Wild in the country
It’s blacker than black in here, a feathered silence softened by the rustlings of hundreds — maybe thousands — of birds. I expect them to squawk and screech but it’s after closing and they’re roosting, or whatever you call it when hens sleep.
My whole life I’ve never seen a hen. The only time I’ve seen a farm was when I visited my cousin. Her neighbour’s farm wasn’t pretty and fluffy like the ones you see in films, but big and mucky, its air glutinous with the stink of slurry. Six dogs rushed us and we clambered on the gate until somebody called them off.
Next time I visited, my cousin took me instead to the manmade lake where we stared into the depths at drowned cottages. Afterwards, we roamed illegally over the ragged hillsides of the quarry in search of quicksands, explosions, and other dangers. It was a strange kind of wilderness we were exploring, a wilderness about to be sucked into the ever expanding suburb.
Now, on this night time mission to the countryside, we stand in the village pub and the locals stare at us like we’re zombie fodder delivered unto their village to die. They make fun of our outlandish clothing like we won’t catch a word of it.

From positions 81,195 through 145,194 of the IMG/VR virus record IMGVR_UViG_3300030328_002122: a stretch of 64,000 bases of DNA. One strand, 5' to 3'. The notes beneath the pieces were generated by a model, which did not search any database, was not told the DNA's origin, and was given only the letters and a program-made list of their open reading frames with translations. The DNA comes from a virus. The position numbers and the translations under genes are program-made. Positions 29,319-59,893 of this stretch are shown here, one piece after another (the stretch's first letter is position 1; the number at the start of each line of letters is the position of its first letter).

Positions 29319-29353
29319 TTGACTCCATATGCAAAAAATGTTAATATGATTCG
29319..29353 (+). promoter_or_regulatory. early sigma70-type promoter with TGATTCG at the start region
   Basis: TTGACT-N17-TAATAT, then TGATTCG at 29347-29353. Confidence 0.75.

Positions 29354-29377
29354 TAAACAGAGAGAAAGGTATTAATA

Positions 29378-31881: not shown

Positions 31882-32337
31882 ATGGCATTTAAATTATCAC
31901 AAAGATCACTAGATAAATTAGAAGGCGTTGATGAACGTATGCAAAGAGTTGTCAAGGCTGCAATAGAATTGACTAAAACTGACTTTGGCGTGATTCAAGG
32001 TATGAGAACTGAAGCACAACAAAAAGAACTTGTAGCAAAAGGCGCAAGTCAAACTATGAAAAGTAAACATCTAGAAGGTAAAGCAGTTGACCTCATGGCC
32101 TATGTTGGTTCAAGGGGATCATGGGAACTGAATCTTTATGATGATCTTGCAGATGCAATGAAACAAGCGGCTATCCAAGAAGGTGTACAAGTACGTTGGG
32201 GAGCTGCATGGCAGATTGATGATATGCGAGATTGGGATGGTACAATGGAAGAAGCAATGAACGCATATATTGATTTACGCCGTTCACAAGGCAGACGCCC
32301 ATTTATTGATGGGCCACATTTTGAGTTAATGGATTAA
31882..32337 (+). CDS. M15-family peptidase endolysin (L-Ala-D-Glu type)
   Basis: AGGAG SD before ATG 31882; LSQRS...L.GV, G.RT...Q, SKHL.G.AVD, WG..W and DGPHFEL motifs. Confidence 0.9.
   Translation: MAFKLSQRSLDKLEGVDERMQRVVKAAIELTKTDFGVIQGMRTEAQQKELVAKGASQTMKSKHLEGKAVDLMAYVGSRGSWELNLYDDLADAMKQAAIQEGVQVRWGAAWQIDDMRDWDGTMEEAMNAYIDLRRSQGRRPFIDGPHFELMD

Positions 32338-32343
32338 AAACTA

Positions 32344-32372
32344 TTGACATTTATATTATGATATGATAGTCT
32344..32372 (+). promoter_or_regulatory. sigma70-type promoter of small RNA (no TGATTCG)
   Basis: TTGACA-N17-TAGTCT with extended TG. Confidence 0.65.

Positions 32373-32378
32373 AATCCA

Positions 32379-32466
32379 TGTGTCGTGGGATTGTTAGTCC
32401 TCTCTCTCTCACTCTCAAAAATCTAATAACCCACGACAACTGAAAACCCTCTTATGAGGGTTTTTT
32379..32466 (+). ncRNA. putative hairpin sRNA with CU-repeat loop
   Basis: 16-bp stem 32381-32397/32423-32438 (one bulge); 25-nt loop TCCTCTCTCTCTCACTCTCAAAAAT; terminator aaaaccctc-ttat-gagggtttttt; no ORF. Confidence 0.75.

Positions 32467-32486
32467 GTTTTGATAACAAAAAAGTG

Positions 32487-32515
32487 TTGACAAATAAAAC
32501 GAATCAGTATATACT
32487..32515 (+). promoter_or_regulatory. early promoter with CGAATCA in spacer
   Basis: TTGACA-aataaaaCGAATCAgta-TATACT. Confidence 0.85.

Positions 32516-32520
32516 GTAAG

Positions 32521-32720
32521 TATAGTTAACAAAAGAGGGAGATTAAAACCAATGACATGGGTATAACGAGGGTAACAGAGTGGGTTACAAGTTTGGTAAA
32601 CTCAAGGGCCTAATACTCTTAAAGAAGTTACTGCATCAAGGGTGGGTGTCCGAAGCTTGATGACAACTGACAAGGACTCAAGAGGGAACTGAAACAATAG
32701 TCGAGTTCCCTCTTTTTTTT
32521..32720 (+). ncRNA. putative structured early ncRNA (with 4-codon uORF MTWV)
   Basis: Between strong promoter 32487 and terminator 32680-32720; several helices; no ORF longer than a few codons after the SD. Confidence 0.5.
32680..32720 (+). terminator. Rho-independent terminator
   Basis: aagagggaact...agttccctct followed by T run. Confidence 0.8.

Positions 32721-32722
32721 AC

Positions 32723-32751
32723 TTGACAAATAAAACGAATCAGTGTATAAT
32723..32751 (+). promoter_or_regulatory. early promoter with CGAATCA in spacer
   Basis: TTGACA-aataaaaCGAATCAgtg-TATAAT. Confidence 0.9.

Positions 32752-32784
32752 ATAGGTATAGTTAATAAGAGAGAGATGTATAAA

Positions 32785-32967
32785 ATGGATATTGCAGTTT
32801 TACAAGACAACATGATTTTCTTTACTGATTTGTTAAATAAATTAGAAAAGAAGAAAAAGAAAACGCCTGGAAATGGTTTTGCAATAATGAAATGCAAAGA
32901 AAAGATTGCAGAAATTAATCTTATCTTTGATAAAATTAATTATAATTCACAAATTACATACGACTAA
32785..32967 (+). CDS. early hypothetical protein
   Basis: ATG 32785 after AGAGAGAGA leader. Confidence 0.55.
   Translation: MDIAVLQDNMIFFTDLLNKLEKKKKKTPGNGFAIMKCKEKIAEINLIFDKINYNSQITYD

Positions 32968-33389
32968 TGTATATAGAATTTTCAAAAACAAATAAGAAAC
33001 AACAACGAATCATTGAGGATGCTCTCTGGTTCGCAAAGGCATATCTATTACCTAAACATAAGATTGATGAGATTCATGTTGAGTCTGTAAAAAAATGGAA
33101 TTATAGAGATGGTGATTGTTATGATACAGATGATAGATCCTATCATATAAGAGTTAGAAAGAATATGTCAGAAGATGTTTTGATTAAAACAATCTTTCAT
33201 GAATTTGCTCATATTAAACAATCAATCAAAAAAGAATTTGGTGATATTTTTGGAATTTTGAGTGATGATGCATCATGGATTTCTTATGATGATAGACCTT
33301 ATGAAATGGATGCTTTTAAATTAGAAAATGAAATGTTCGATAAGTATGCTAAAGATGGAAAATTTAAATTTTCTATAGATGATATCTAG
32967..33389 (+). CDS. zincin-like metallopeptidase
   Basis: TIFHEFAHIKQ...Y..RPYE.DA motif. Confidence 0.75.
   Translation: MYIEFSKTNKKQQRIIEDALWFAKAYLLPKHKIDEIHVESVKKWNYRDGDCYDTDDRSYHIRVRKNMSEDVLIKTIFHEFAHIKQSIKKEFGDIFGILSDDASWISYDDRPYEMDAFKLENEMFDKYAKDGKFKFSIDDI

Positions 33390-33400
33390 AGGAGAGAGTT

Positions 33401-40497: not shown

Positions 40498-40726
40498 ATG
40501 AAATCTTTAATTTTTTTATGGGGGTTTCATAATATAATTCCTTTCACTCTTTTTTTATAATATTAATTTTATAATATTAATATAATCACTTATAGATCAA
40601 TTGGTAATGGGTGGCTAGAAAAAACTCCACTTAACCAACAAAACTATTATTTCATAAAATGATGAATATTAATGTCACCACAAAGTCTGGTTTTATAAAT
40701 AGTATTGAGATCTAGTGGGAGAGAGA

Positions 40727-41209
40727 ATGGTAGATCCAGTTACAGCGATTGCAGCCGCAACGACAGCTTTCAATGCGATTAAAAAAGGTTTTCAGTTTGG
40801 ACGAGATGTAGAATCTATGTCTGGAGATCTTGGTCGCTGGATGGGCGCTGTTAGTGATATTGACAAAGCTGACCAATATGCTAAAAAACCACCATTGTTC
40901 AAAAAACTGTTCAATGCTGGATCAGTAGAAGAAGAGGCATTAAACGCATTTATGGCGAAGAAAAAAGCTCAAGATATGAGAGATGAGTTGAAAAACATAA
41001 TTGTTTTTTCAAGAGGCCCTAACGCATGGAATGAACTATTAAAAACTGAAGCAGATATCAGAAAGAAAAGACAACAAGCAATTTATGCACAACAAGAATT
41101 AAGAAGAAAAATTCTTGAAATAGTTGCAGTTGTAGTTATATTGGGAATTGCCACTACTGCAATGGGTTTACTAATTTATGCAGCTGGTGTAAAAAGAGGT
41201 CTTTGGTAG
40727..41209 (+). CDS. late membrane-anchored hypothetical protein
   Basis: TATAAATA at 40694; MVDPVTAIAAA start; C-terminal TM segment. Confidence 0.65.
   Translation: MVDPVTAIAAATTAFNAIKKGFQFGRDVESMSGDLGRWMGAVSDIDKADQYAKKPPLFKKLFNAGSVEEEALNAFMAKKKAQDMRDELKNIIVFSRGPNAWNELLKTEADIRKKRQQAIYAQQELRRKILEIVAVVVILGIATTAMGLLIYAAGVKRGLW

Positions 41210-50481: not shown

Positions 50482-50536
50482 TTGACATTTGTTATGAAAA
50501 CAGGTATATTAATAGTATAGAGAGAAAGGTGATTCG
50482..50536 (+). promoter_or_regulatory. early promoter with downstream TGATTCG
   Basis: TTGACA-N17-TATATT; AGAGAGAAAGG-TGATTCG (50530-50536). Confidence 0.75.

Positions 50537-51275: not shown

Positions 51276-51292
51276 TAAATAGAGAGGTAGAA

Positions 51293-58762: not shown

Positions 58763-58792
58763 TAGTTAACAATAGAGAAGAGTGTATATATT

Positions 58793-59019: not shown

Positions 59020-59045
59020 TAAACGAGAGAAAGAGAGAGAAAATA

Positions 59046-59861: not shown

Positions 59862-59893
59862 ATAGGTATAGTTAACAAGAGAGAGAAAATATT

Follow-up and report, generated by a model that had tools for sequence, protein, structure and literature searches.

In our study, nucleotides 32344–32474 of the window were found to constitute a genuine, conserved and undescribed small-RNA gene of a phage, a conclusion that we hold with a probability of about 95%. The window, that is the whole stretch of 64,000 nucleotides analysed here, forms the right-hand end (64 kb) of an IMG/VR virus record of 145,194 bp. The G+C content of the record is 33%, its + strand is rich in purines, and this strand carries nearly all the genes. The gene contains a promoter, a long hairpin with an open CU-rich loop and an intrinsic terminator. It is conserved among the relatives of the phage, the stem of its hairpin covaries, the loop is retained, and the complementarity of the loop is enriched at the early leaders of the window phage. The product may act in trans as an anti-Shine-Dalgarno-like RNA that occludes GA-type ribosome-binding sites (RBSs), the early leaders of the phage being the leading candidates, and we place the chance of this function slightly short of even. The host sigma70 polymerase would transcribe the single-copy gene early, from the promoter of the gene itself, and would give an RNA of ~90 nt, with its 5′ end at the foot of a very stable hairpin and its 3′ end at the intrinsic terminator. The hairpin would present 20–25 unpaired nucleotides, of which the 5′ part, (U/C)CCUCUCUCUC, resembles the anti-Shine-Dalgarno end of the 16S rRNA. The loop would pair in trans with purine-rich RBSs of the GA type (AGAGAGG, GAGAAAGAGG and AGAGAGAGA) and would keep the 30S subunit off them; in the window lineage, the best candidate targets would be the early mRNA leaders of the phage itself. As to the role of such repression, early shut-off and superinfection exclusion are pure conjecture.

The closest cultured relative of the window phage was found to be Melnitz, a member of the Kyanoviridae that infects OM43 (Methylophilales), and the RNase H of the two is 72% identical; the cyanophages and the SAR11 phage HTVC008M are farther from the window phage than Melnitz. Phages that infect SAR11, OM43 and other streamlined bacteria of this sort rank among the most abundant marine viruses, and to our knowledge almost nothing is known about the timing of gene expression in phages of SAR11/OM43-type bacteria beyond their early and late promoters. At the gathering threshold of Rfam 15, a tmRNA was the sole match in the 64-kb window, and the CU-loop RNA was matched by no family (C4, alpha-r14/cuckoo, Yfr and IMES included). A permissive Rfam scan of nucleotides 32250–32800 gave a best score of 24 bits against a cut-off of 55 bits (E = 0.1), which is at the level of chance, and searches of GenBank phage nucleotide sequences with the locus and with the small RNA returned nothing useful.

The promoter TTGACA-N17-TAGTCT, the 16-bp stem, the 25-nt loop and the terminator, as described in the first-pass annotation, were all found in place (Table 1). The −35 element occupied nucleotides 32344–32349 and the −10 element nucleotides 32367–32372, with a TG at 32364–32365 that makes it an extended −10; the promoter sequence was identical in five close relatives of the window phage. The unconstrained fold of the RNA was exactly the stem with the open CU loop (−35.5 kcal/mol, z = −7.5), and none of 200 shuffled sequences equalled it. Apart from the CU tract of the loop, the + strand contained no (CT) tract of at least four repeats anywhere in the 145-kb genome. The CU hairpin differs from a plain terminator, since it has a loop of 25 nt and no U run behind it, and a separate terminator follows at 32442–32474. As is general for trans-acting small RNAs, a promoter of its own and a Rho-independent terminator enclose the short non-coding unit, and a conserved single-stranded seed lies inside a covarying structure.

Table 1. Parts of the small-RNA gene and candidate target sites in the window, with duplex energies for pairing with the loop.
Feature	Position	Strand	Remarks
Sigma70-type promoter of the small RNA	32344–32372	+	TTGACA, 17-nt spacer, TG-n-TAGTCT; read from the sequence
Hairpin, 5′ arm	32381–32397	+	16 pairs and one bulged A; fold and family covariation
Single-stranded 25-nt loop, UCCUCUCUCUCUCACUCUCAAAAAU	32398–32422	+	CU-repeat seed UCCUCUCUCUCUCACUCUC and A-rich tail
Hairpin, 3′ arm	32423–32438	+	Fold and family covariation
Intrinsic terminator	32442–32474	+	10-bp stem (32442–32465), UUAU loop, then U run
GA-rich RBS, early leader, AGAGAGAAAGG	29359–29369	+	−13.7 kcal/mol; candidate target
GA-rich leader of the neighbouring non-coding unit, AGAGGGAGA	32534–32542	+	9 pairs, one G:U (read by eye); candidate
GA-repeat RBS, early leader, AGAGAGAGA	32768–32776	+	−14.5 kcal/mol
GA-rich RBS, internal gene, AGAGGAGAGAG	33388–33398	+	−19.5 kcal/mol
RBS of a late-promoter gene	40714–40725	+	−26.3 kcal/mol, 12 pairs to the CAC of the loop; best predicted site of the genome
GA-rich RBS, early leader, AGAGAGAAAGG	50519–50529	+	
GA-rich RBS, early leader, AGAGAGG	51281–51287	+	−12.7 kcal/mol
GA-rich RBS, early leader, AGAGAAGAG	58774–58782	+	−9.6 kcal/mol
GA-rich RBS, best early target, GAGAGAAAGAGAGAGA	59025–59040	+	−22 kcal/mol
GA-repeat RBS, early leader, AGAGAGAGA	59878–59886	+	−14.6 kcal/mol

After the pub closes we break into the barn. I want to touch the hens, I want to see them happy. I think we need only open the outer doors to set them free. But though the doors stand open, all is still, a thick putrid silence teeming with feathers. When the birds make no bid for freedom we shine our torches around.
We see then that they’re trapped inside wireframe cages stacked one atop the next. Row upon row upon row of them, ranged into the darkness.
The alarm starts to scream and the birds go crazy. In a race against time we yank cage doors open. Police sirens join the mix, blanketing the birdcalls with their shrill electronic beat. Before even a dozen birds are loose, we’re gone.
We scramble out of the barn, running for the safety of the car, the stereo, and the city.